[emphasis added by me…sg]

The full context has an entirely different meaning.

The entirety means that the individual realizes it is better to contribute to the industry of his own country – that THAT is where his long term prosperity will lie.  ‘Industry’ means manufacturing to Adam Smith.  There WAS no such thing as a “service economy.”  Industry meant making GOODS.  He said, “If you make goods HERE you do good for your society.”

But the money and corporation manipulators of the 1980s and 1990s didn’t care about their society whatsoever, nor national borders – and especially not for long term prosperity.  They were about having their cake and eating it, too.  And they wanted to eat everybody eles’s cake, too – and eat that, too.  If they could come out with $100 million or more for moving a plant to China, by god what was to stop them?  Not their consciences!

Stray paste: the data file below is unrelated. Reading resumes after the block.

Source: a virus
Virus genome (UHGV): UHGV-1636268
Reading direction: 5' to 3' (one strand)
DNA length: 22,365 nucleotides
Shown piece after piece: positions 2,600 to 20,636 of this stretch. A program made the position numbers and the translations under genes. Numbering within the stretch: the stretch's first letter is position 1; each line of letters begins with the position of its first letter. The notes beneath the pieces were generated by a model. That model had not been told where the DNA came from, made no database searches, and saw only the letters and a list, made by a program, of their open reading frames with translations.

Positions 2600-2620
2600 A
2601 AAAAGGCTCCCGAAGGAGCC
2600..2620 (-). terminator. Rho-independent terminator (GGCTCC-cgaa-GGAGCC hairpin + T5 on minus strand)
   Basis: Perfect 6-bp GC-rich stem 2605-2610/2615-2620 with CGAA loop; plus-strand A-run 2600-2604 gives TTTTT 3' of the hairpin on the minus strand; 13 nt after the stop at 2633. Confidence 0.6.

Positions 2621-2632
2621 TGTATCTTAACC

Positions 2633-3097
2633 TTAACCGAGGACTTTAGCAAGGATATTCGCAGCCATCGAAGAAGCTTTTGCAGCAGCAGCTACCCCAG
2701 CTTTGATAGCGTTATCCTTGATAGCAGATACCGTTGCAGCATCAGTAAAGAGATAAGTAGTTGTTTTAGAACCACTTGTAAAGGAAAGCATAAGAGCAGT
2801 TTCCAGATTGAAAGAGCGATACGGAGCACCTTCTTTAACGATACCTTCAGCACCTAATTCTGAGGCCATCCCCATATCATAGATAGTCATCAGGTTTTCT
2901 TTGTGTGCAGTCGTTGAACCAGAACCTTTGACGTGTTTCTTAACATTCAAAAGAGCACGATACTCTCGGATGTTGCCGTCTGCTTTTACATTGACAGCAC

So they created the myth of the superior “service economies” as cover for their selling their own countries out, and propagandized us all into thinking, “Yeah, we don’t want to get our hands dirty – let the Mexicans or the Asians do that for us.”  And Americans – though not I – fell for it.

That was the EXACT OPPOSITE of what Adam Smith was arguing with the Invisible Hand!”

If you look at ANY time the countries that are up-and-coming, and in EVERY instance OVER ALL TIMES it is the countries that tell the world, “YES!  Come here!  We will make that for you!”

And the U.S. was putting its blessings on those who argued the exact opposite.

Until we change BACK to “YES! WE WILL MAKE IT HERE!” we are all fucked.  For the next century or two, however long it takes us to decide that again.